Sunday, August 5, 2018

Powerball and wealth redistribution

Powerball is a multi-state lottery game. Since there are multiple states, the prizes are large. As I write this, the Grand Prize is $203 million. Now I know that the lottery is a tax on people who don't understand math. (I play by buying one $2 ticket, because I get hours of entertainment out of daydreaming what I would do if I won, and hay, it's only $2. Cheaper than the movies, or even a book.)

I was looking at the prizes and odds, and noticed something odd: California, even though they are playing the same game, awards different prizes. Check this out:

Match win win in California
5 numbers and powerball $203 million $203 million
5 numbers $2 million $212,409
4 numbers and powerball $50,000 $9,062
4 numbers $100 $399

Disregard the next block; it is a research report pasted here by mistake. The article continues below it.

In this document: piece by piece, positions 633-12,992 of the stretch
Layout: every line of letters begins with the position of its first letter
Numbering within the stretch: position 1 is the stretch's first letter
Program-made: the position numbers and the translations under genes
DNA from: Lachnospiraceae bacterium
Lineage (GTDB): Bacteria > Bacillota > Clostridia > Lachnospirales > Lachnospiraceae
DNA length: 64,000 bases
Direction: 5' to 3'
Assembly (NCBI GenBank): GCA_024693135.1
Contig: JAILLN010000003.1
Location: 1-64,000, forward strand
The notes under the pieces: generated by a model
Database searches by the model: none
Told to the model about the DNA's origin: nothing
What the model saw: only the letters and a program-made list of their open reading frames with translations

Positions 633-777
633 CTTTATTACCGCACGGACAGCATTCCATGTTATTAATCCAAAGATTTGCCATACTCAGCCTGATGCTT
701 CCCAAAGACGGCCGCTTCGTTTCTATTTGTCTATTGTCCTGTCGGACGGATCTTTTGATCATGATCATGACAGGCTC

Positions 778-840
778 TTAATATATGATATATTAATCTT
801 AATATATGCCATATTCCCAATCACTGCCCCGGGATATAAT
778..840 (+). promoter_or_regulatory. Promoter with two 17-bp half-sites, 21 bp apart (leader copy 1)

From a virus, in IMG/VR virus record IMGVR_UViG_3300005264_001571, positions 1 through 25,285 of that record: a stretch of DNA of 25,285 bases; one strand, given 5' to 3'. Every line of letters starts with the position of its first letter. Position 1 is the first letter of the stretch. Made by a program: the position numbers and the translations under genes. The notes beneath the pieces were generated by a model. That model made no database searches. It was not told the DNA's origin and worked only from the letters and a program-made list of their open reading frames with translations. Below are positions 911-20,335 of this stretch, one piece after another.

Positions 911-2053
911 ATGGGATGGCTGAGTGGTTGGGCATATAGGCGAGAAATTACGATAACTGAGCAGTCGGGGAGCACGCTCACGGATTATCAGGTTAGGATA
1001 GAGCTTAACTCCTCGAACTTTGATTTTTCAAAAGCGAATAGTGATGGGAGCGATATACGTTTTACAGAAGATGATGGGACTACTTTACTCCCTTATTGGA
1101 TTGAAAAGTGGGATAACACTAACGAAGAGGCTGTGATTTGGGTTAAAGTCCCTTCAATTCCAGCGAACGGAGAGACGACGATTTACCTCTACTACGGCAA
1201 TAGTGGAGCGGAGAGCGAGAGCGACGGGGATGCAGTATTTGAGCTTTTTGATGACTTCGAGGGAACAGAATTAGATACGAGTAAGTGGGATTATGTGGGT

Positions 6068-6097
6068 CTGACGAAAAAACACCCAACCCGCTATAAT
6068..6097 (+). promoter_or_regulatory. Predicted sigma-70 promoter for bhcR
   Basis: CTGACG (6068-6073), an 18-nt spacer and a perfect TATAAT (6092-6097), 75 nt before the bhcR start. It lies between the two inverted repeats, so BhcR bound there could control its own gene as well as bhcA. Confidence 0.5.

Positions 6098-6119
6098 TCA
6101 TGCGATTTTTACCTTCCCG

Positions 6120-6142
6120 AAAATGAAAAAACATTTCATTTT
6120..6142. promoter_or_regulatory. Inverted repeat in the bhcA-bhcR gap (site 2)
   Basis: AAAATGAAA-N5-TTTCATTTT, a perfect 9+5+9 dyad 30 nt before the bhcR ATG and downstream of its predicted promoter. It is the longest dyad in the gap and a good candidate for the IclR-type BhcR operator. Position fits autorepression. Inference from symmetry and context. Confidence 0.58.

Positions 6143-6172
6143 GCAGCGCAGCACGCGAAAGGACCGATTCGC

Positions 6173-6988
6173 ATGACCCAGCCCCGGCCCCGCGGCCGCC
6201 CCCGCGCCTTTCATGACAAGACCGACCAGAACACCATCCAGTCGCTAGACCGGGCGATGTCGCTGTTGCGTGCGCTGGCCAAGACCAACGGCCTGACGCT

3 numbers and powerball $100 $197
3 numbers $7 $7
2 numbers and powerball $7 $8
one number and powerball $4 $5
powerball $4 $4

As you can see, the prize structure takes money from  the larger winners and redistributes them to the smaller winners. Matching 5 numbers without the powerball, or 4 numbers with the powerball in California means that 85% to 95% of your winnings will be confiscated (by the time you pay taxes) and the majority of that money will be given to the "less fortunate" people who matched fewer numbers.

It's a metaphor for the entire state.

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